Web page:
) Operation of the device
flows through (
a
) loading and metering, (
b
) pushing in, and (
c
) mixing. (
C
) (
a
) Design of a mixing
valve and (b) operation of the mixing valves.
Figure 3A shows one set of the measured fibrillation rates of bovine insulin as a function of insulin
concentration. The insulin fibrillations progressed through a lag phase where ThT fluorescence was not
detected and a growth phase by increasing the ThT intensities until a final steady state. Average lag
times for insulin fibril formation (n=8) are shown in Figure 3B. The fastest insulin aggregation was
observed at the highest insulin concentration, and the rate of insulin fibrillation decreased according to
the decrease in insulin concentration. Figure 3C shows the formation of insulin fibrillar structures in
incubation chambers after a 90 min incubation. Longer incubation times of up to 180 min did not result
in further changes in fibrillar structure formation. Fluorescent imaging of eight incubation chambers
containing various concentrations of insulin showed dierences in the density of the protein fibrillar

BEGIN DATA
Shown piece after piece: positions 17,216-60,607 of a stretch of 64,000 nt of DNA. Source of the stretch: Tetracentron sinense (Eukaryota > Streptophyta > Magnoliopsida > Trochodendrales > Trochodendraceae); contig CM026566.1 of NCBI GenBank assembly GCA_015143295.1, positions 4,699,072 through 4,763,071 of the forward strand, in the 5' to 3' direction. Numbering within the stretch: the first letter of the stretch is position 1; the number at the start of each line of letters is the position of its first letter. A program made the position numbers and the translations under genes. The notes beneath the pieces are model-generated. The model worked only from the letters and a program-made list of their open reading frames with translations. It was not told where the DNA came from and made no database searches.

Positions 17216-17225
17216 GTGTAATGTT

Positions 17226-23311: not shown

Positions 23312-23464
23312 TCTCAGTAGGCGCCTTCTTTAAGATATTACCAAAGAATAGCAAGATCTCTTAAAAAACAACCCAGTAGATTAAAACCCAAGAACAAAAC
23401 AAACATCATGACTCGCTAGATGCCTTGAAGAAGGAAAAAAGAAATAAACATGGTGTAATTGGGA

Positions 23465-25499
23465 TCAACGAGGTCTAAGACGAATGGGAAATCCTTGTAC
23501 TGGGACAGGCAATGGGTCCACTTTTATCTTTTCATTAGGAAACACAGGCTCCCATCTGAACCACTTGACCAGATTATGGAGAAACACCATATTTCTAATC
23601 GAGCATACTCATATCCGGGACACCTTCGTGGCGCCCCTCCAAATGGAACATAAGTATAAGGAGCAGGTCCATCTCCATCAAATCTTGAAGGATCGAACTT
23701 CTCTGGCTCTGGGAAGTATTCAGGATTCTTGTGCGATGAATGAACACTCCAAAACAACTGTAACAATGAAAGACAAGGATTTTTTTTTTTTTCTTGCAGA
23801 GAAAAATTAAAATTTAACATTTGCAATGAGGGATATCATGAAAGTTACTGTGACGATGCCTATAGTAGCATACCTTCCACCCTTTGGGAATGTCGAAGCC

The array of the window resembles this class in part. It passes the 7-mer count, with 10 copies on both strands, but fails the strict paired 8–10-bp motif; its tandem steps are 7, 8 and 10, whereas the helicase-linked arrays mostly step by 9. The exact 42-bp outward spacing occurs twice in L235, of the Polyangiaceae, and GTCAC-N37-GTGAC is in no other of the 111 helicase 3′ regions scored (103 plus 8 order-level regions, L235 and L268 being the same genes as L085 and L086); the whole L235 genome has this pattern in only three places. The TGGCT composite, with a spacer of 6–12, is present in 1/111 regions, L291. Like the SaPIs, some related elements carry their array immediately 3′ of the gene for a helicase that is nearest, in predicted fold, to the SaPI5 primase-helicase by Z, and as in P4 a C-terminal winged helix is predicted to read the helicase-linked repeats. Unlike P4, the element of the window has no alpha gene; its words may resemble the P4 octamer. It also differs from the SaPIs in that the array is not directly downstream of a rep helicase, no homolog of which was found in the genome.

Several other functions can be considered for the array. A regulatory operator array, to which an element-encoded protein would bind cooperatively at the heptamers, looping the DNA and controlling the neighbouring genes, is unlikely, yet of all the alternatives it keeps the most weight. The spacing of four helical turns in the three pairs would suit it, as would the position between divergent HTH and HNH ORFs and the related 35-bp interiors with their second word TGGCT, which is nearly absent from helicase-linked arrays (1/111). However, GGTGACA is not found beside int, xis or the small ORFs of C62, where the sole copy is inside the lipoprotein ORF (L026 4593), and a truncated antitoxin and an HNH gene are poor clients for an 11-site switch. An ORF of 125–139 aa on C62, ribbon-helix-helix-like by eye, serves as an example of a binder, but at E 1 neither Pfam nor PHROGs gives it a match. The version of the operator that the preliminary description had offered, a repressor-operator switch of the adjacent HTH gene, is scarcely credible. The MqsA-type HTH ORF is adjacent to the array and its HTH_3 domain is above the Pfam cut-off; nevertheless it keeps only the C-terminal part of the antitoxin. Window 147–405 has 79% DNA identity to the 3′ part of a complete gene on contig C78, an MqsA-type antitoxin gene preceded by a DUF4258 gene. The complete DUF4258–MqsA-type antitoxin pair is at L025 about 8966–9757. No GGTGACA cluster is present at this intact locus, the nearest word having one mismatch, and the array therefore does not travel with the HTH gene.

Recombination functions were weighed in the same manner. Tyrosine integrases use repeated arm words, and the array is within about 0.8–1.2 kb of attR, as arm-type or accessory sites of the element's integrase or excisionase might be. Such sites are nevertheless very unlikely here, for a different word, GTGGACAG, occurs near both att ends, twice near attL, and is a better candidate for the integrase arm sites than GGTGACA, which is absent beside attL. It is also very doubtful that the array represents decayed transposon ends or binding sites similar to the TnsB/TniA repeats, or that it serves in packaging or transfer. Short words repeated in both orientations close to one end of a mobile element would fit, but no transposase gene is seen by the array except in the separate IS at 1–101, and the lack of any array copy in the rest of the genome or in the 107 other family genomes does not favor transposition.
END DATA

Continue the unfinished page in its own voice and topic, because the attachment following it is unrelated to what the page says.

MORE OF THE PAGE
structure. As opposed to spherulites, which consist of radially oriented amyloid fibrils from an empty
core [
12
,
13
,
45
], the fibrillar structures formed in the microfluidic chambers in this study exhibited
a random orientation. The formation of dense fibril networks (or superstructures) was observed at high
Molecules 2020,25, 1380 5 of 14
insulin concentrations by acquiring time-lapse fluorescence microscopy images of the incubation
chambers. The initiation and growth of the superstructure were traced by acquiring time-series
fluorescence microscope images of the incubation chambers.
Table 1. Compositions and combinations of the reagents in the 64 microfluidic incubation chambers.
Reactor
Number
Final Concentration Reactor
Number
Final Concentration
Main Factor
(IM: Initial Conc.)
Factor #1
(IF1: Initial Conc.)
Factor #2
(IF2: Initial Conc.)
Main Factor
(IM: Initial Conc.)
Factor #1
(IF1: Initial Conc.)
Factor #2
(IF2: Initial Conc.)
1-1 0.25 IM0.34 IF1 0.34 IF2 5-1 0.25 IM0.34 IF1 0.18 IF2
1-2 0.25 IM0.30 IF1 0.34 IF2 5-2 0.25 IM0.30 IF1 0.18 IF2
1-3 0.25 IM0.26 IF1 0.34 IF2 5-3 0.25 IM0.26 IF1 0.18 IF2
1-4 0.25 IM0.22 IF1 0.34 IF2 5-4 0.25 IM0.22 IF1 0.18 IF2
1-5 0.25 IM0.18 IF1 0.34 IF2 5-5 0.25 IM0.18 IF1 0.18 IF2
1-6 0.25 IM0.15 IF1 0.34 IF2 5-6 0.25 IM0.15 IF1 0.18 IF2
1-7 0.25 IM0.11 IF1 0.34 IF2 5-7 0.25 IM0.11 IF1 0.18 IF2
1-8 0.25 IM0.07 IF1 0.34 IF2 5-8 0.25 IM0.07 IF1 0.18 IF2
2-1 0.25 IM0.34 IF1 0.30 IF2 6-1 0.25 IM0.34 IF1 0.15 IF2
2-2 0.25 IM0.30 IF1 0.30 IF2 6-2 0.25 IM0.30 IF1 0.15 IF2
2-3 0.25 IM0.26 IF1 0.30 IF2 6-3 0.25 IM0.26 IF1 0.15 IF2